Pretty Woman (1990)

Julia Roberts in Pretty Woman
Buena Vista Pictures Distribution

Hopefully you were swooning too hard over the romantic chemistry between Edward (Richard Gere) and Vivian (Julia Roberts) in Pretty Woman to notice a silly goof during their cozy breakfast the morning after their first night together. Vivian nibbles at a croissant as Edward reads the newspaper, but when the camera cuts back to her, she's suddenly holding a pancake with a single perfect bite out of it.

North by Northwest (1959)

Still from North by Northwest

One extra in the Alfred Hitchcock thriller North by Northwest was notably prepared for what the scene entailed—perhaps too prepared. In the background of the scene in which Eva Saint Marie's Eve Kendall shoots Cary Grant's Roger Thornhill with blanks in front of a crowd at the Mount Rushmore Visitor Center, a little boy can be spotted sticking his fingers in his ears to muffle the sound of the prop gun.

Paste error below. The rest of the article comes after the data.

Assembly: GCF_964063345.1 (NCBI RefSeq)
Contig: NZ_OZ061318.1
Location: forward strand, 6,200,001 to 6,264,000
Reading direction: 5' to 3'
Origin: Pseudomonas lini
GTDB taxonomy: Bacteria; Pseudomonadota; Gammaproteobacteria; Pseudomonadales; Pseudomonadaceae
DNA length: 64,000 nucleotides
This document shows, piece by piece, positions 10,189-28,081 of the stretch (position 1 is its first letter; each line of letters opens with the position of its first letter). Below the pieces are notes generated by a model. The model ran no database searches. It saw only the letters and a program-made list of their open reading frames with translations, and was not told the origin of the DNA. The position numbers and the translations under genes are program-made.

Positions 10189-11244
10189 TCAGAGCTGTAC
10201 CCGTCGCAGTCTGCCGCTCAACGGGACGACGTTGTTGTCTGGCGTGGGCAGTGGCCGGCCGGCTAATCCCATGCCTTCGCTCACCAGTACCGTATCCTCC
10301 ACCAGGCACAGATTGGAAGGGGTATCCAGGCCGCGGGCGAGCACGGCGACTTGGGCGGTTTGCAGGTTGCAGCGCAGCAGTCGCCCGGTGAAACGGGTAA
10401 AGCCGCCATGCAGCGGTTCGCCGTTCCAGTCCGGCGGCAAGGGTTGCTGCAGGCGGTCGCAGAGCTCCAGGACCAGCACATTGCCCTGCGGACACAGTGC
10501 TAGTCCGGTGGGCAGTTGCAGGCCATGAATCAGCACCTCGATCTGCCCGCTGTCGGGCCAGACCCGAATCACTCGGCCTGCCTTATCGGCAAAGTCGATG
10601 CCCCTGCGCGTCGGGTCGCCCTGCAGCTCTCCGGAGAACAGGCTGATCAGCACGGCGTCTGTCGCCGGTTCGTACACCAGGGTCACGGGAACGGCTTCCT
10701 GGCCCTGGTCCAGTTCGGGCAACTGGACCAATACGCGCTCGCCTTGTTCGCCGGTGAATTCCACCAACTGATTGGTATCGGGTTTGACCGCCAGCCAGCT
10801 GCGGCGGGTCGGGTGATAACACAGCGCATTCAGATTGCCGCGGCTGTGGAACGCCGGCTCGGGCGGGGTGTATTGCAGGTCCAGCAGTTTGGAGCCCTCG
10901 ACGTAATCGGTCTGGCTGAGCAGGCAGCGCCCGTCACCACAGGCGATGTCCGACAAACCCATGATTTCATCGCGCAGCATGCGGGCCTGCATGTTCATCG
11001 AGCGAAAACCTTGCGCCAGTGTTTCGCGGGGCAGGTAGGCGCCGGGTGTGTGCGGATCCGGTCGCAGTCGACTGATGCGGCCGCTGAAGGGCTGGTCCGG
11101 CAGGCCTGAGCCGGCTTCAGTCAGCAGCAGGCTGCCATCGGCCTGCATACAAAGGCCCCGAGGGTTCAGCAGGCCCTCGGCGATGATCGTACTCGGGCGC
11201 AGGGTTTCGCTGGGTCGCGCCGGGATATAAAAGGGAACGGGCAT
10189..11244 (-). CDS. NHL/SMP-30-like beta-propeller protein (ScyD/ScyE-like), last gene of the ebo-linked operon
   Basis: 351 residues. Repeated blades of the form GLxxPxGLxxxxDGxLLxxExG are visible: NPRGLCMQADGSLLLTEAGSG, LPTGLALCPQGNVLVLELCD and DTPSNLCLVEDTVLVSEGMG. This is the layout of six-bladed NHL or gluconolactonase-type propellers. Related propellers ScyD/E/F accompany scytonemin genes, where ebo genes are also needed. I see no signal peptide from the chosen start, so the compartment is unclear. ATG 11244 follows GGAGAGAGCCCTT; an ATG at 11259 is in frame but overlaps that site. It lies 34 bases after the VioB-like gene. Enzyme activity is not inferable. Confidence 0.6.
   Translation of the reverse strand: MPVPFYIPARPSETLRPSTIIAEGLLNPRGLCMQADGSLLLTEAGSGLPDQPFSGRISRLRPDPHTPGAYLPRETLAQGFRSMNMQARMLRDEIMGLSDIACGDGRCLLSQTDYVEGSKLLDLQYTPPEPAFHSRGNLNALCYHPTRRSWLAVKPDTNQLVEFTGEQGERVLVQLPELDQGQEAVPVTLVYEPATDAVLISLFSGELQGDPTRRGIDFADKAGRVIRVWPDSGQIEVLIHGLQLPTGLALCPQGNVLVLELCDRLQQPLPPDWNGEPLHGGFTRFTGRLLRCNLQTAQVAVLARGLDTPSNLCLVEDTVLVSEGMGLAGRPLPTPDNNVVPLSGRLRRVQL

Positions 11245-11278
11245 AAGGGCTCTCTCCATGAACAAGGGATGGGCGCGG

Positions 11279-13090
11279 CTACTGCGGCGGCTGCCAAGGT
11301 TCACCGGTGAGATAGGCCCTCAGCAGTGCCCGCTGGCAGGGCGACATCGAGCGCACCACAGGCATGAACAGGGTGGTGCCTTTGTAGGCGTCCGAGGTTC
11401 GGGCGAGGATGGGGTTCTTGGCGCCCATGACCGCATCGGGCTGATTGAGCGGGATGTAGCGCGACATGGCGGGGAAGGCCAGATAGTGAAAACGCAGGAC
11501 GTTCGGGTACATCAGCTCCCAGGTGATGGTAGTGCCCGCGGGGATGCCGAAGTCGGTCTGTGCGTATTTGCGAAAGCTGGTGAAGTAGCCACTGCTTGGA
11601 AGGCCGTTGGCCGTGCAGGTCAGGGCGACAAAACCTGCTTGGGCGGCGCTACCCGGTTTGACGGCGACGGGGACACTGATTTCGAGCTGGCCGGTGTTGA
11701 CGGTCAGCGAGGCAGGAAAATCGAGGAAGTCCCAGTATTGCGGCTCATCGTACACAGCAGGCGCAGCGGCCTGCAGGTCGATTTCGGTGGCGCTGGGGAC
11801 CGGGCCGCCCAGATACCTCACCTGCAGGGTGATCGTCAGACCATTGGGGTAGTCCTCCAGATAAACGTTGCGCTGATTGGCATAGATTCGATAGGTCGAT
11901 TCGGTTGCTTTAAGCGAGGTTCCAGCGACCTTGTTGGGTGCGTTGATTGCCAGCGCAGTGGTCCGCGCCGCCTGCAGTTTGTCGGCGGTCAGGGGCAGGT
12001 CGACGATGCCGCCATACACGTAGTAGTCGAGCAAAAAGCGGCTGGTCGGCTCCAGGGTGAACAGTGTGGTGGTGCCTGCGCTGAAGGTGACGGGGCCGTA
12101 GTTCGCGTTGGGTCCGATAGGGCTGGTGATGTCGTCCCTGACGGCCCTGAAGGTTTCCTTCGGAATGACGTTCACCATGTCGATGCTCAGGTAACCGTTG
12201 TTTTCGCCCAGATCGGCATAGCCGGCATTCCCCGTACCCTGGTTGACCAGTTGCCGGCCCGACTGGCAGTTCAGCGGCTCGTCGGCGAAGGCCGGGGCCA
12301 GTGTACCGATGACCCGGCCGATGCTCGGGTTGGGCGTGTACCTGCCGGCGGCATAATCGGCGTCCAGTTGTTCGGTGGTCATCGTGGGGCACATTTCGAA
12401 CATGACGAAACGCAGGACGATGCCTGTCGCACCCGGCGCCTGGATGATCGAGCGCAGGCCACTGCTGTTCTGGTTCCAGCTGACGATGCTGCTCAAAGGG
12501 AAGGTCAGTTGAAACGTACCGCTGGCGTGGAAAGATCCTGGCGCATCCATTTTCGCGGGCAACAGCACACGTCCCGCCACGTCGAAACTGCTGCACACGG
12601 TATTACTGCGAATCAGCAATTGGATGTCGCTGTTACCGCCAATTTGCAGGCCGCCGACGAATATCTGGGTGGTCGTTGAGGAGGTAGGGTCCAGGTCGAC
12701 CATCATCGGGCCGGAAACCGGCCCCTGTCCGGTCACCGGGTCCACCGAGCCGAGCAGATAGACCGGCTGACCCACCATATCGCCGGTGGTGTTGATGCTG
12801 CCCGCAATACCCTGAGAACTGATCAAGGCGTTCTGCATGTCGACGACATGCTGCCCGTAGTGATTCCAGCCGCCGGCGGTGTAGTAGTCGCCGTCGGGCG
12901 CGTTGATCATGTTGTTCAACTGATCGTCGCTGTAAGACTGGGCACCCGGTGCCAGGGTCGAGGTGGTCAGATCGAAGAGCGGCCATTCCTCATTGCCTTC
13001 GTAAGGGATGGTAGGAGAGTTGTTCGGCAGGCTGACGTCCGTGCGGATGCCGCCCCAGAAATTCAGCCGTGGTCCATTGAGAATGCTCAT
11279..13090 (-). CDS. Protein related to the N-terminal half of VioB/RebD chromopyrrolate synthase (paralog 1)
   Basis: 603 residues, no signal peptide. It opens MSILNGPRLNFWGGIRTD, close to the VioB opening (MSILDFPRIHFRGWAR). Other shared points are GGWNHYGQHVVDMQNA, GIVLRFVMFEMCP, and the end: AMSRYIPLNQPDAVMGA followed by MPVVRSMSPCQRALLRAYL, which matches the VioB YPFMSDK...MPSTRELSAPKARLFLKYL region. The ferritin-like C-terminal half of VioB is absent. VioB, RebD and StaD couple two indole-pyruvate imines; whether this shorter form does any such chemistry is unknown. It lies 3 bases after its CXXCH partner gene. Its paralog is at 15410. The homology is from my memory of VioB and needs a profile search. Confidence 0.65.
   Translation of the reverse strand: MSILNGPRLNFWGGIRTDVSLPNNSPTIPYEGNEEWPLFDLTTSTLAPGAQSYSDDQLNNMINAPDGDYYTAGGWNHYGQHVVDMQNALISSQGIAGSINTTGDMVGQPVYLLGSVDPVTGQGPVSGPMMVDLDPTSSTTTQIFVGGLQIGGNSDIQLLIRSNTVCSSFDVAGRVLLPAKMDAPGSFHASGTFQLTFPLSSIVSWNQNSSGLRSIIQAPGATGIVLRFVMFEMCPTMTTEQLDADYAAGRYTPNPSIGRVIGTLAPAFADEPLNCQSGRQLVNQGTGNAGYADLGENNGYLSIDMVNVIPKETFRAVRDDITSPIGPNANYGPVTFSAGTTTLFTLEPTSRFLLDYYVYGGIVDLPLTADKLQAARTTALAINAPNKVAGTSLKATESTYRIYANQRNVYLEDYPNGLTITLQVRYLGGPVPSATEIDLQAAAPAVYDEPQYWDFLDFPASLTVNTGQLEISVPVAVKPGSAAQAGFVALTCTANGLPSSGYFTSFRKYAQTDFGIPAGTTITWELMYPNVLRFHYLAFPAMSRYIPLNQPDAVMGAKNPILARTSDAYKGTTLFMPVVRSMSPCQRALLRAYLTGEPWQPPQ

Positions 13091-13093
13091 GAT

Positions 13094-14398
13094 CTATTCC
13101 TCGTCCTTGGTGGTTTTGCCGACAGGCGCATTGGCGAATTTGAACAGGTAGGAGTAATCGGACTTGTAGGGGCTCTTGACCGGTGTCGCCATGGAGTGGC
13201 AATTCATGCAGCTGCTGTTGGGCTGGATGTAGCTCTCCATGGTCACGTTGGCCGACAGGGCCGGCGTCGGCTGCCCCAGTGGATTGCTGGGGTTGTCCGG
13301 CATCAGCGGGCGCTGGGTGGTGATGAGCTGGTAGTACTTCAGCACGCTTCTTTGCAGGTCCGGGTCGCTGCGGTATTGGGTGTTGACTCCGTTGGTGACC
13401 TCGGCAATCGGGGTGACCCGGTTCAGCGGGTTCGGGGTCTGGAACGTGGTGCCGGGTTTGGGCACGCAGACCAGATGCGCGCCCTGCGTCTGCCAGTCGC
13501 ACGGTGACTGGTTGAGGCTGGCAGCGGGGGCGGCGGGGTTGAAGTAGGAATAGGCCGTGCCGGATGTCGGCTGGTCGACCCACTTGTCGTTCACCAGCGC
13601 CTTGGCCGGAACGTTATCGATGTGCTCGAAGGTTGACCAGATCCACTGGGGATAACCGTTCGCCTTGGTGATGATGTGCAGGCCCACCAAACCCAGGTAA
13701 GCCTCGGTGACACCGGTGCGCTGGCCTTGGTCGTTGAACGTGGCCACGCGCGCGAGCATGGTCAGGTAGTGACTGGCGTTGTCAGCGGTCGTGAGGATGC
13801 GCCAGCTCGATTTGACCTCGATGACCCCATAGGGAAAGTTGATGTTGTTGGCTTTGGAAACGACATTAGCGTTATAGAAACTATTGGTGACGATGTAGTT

Titanic (1997)

Kate Winslet and Leonardo DiCaprio in Titanic
Paramount Pictures

Jack Dawson (Leonardo DiCaprio) is clearly nervous when Rose Dewitt Bukater (Kate Winslet) asks him to draw her wearing only the priceless "Heart of the Ocean" necklace given to her by her brutish fiancé Cal (Billy Zane) in Titanic. One major clue? When he instructs her to "lie on that bed, uh, I mean couch." This wasn't scripted but was rather a flubbed line by DiCaprio. Director James Cameron liked what it brought to the scene, however, so the slip-up stayed.